Anatomy of a Pinterest Follow Bot

Anatomy of a Pinterest Follow Bot

This is a simplified version of the anatomy of my Pinterest Follow Bot, available for free to the mailing list subscribers of the site. Although this is one of the less complicated bots I have built using UBot Studio 5.5, there is a lot going on under the hood. The idea of this article is not to give you the actual code, but to walk you through the process of creating the bot and give you a few tips on how to solve some of the problems I have encountered while building it.

So, where do we start? I am going to divide the functionality into two sections, the first one dealing with all the database operations (yes, we need a database) and the second one will be focused on the actual Pinterest follow/unfollow activities.

Requirements for this tutorial:

The Pinterest follow bot database

For the Pinterest follow bot, I used a simple SQLite database (the only portable database format that you can use in UBot Studio) consisting of two tables, one to save the settings like account information and configuration options and another one to track if and when we have followed a blog and when it was unfollowed.

In order to do that I have created the two tables as follows:

  • Settings table – Here we have two fields, ID and VALUE, with a unique index on the ID field.
  • Usernames table – The usernames table has the following fields USERNAME (unique), FOLLOWED, UNFOLLOWED, FOLLOW_ERRORS, UNFOLLOW_ERRORS. The first field is the username, the second one is when it was followed, the third one is when it was unfollowed. The follow errors and unfollow errors are used for detection of errors during the process of following and unfollowing users. These two fields have a default starting value of zero, which means that no errors were encountered so far.

I am not going to go in depth with the functions and UBot commands that deal with the settings table, saving and retrieving the settings from the database in this article, since I plan on posting another one that will focus on this topic very soon.

The database functions and commands for the blogs table should include the following:

  • Add user to the list (username) – this function will take one parameter (the blog username) and add it to the blogs table setting all the other fields to 0. The idea is if we set the followed and unfollowed fields to zero, it will be easier to find the next blog to follow.
  • Mark user as followed (username) – this function will update the followed field with the timestamp the blog was followed so the bot can keep track when to unfollow it. For this we need the free Ubot plugin DATETIME Manipualtion since UBot Studio does not support timestamps out of the box.
  • Mark user as unfollowed (username) – update the unfollowed field with the timestamp the blog was unfollowed on.
  • Mark user as not found (username) – if for some reason the page returns 404 and this user is gone, update all the fields with some values that will mark this username as followed (1), unfollowed (1), follow errors (3) and unfollow errors(3). This way the username will not be processed again.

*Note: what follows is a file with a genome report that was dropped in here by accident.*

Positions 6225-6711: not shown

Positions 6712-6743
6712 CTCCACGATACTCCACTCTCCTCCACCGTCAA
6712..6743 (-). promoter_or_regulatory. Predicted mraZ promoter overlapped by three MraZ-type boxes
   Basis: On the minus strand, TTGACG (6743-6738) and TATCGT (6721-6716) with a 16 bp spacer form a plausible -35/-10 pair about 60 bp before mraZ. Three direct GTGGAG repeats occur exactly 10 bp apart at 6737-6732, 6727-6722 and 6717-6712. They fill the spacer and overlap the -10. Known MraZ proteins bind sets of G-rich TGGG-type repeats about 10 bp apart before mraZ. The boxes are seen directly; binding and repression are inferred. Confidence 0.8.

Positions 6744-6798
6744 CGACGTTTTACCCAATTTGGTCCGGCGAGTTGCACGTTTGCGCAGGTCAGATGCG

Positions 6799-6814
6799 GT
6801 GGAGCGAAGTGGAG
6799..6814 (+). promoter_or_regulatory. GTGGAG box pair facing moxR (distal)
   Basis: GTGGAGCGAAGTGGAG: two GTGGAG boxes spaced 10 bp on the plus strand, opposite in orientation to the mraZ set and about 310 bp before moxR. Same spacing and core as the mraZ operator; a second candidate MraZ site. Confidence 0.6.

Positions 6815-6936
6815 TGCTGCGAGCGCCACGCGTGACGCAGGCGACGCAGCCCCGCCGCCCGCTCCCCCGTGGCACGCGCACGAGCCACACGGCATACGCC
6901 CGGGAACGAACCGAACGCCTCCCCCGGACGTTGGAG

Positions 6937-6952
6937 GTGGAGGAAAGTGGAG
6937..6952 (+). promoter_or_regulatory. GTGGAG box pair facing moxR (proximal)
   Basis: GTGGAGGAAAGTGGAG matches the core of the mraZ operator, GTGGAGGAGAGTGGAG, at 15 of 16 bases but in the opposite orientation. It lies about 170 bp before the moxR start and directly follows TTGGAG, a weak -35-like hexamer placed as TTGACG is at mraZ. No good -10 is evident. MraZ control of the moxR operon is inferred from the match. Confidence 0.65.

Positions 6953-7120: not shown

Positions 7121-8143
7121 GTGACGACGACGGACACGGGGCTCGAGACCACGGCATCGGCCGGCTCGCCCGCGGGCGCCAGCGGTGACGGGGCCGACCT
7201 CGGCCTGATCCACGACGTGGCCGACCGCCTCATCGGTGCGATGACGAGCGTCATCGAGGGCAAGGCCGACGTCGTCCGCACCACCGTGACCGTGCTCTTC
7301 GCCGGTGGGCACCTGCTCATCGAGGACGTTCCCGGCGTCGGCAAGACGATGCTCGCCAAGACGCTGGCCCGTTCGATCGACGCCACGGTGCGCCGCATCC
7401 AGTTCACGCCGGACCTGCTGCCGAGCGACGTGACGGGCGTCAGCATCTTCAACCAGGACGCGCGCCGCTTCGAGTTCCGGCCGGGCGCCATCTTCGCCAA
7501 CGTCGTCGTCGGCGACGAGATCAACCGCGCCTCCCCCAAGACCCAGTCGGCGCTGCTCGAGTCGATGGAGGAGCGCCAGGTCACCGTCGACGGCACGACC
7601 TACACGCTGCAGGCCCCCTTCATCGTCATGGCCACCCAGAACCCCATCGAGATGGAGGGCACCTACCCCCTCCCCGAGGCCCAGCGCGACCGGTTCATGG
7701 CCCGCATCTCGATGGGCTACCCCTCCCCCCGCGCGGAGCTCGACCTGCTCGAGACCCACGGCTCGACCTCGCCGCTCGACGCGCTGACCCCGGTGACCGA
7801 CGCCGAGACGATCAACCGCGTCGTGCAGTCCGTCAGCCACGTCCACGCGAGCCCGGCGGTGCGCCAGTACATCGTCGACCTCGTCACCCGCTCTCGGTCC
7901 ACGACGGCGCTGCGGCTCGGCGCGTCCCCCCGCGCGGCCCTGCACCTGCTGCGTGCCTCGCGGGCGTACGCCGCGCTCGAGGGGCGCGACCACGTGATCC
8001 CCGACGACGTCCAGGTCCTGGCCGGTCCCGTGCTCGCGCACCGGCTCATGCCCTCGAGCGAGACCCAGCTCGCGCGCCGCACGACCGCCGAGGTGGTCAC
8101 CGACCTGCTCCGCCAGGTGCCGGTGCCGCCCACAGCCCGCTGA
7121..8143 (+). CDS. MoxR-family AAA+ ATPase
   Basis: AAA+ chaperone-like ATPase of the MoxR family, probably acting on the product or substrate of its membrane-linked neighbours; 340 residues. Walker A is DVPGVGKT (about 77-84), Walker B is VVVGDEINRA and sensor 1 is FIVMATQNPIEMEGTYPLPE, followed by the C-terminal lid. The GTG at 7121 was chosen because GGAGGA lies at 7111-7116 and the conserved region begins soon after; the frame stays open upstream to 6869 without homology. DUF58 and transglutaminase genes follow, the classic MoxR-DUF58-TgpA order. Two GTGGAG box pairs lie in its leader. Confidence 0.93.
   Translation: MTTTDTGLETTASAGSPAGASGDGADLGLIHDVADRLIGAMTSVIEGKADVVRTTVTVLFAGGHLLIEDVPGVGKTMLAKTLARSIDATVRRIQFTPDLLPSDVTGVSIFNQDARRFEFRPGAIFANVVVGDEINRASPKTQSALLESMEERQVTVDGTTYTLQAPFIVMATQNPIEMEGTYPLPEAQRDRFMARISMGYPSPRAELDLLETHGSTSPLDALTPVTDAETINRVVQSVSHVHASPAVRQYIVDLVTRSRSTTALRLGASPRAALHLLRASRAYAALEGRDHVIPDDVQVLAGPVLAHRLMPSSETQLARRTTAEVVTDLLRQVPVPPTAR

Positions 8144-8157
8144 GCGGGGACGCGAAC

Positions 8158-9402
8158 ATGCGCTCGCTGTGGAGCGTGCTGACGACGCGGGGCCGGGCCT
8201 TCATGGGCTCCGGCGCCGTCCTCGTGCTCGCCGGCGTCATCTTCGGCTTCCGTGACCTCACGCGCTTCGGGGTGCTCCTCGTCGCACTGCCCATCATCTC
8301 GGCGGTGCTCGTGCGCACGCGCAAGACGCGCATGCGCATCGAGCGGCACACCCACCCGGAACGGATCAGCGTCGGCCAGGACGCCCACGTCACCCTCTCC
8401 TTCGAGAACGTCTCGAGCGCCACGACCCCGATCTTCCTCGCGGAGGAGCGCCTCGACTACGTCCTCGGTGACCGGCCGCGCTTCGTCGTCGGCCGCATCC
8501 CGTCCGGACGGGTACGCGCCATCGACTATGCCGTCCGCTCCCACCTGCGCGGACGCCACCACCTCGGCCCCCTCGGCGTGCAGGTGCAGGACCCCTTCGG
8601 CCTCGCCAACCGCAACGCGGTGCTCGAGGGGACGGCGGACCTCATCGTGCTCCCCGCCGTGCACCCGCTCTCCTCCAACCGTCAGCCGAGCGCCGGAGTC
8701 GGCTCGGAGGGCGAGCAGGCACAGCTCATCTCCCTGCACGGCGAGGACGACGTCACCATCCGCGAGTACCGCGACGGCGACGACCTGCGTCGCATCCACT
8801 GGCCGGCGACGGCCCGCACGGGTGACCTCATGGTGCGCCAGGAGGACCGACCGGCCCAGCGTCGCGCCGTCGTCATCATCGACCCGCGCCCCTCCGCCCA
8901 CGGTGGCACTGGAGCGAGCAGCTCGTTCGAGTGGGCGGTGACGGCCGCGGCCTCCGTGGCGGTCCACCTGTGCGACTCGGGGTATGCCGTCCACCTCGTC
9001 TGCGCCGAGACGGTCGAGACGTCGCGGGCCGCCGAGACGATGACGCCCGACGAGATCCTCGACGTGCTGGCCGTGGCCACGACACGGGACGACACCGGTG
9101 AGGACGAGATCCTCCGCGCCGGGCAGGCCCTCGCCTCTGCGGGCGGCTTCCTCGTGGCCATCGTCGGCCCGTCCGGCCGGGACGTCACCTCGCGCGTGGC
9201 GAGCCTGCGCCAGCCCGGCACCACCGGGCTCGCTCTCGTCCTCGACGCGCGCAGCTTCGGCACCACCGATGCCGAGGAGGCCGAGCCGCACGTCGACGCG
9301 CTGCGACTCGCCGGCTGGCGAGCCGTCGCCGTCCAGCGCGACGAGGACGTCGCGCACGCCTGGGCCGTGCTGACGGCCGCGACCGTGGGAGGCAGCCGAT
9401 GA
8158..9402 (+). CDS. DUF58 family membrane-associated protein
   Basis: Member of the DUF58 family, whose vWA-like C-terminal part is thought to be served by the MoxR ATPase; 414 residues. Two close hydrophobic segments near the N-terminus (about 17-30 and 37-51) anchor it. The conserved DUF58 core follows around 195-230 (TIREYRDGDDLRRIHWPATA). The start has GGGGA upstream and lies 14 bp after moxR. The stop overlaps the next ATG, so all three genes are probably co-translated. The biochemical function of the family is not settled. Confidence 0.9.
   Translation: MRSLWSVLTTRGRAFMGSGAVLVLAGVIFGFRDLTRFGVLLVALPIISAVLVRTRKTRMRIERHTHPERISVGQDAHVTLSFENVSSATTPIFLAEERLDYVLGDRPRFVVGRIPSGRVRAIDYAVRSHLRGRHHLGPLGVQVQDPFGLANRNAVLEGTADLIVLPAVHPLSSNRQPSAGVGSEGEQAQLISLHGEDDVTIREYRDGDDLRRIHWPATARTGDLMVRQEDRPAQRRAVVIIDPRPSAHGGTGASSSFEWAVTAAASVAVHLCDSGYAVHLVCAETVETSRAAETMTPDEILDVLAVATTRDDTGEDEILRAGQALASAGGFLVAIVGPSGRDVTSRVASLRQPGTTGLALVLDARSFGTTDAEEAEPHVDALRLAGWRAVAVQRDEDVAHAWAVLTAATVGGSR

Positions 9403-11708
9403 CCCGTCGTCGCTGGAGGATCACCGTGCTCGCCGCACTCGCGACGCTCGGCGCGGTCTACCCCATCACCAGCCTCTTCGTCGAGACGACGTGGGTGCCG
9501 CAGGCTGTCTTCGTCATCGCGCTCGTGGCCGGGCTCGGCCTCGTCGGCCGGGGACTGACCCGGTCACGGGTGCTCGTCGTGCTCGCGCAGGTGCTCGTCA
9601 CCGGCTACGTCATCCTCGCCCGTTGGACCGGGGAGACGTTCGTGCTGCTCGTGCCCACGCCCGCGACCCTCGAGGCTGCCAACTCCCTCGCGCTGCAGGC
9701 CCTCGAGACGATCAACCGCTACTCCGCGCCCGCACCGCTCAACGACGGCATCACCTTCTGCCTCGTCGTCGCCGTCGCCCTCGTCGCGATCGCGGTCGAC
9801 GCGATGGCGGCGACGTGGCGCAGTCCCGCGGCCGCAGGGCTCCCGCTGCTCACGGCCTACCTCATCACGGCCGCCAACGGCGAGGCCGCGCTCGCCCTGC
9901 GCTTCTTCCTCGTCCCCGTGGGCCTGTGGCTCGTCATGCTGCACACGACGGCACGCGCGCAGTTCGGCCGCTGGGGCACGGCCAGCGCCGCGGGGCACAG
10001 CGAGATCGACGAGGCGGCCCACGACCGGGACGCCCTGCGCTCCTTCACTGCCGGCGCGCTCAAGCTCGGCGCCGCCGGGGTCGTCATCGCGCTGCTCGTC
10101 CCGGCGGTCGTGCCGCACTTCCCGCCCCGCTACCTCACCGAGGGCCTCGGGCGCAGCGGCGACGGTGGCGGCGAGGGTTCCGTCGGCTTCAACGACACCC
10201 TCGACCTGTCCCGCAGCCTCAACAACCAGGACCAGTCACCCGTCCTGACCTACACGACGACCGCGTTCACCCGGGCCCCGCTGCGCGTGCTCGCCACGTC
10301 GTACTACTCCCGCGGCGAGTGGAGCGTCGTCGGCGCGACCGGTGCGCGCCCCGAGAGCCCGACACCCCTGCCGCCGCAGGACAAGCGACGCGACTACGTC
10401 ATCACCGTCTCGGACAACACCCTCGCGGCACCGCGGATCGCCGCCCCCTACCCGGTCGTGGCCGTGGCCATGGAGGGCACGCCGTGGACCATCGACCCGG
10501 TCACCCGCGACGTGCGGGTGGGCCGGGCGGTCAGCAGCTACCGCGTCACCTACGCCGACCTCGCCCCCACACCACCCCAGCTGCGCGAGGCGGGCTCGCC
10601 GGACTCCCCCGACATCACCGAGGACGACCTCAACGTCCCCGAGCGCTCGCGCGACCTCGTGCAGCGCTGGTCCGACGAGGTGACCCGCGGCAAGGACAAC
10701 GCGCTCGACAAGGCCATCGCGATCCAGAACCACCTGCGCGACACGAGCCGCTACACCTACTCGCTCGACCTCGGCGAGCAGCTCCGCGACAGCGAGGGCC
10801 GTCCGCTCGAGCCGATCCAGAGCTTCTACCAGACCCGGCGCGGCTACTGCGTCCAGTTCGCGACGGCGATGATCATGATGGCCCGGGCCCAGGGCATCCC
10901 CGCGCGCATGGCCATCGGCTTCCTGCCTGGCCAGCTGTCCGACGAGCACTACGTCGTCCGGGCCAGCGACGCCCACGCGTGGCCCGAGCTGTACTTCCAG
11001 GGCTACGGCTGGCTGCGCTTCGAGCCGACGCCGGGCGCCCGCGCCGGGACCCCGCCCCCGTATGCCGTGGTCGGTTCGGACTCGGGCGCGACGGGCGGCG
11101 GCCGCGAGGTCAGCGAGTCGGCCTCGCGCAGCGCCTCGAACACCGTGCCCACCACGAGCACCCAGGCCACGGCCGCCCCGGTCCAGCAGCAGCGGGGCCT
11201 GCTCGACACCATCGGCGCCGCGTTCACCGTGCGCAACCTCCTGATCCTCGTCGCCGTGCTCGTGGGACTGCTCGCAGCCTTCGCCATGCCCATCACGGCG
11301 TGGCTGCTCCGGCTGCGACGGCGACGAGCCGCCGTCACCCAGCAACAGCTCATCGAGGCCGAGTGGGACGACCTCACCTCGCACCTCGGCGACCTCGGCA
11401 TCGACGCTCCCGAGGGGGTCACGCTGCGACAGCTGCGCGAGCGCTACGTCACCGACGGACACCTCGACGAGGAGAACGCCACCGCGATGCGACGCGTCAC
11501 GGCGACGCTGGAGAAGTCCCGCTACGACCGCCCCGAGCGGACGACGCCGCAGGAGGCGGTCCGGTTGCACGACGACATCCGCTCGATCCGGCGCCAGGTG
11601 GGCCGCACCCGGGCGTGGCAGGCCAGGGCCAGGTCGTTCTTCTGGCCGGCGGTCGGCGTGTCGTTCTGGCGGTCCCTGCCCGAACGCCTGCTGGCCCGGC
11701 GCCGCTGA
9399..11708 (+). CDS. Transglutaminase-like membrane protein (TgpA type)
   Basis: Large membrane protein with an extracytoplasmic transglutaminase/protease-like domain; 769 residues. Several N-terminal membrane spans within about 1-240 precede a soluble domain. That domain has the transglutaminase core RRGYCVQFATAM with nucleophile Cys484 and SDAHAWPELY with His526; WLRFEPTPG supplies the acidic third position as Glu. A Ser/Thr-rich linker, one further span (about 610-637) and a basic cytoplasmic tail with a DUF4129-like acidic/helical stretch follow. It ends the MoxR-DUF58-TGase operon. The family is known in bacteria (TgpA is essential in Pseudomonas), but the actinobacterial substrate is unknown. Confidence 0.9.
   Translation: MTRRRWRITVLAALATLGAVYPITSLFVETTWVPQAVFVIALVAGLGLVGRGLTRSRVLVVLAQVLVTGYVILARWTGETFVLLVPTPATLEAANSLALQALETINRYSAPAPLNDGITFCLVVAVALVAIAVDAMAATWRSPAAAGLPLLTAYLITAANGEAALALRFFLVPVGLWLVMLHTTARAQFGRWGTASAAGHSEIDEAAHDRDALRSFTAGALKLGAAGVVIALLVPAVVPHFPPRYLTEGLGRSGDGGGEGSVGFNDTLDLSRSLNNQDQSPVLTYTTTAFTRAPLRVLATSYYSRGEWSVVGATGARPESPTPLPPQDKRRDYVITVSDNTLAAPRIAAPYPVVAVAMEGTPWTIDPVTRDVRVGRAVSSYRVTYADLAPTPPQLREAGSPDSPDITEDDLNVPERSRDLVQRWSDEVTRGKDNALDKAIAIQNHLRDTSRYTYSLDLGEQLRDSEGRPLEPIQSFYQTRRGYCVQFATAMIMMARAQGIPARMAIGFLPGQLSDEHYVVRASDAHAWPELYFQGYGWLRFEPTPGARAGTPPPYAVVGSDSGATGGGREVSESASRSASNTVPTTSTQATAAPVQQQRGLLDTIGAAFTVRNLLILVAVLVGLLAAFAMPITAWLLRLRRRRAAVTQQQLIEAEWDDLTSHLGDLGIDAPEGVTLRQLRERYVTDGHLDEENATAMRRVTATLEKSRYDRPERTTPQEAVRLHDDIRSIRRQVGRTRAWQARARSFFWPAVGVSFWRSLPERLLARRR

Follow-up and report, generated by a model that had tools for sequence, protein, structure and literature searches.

• Follow error (username) – We are going to use this function to increment the follow errors filed for the blog.
  • Unfollow error (username) – We are going to use this function to increment the unfollow errors filed for the blog.
  • Next user to follow – this command should return one user to follow, it will fetch a user who has 0 in the followed field and less then 3 follow errors ordering the users by the number of follow errors ascending.
  • Next user to unfollow – this command should return one user to unfollow. It will fetch a user who has a value greater than 0 in the followed field, 0 in the unfollowed field and less then 3 unfollow errors ordering the users by the number of unfollow errors ascending. Since we do not want users to be unfollowed immediately after being followed we would make an additional condition for the query to get only the users who have been followed X days ago, again using timestamps, so the user_followed should be greater than zero and smaller than the current timestamp (now) – X days * 86400.

Now, when you have your database functions and commands ready, it is time to continue to the actual Pinterest part.

Pinterest functions and commands

This part of the tutorial will fucus on the functionality you will need in order to create the part of the bot dealing with the actual following and unfollowing of users. Here is a short overview of the functions and commands:

  • Login – This function will perform the Pinterest sign in process, basically what you need to do is navigate to the login page, enter your login details (email / password) and click the login button. A check ensuring that you have logged in successfully is required too so that the function can return true or false on success / failure.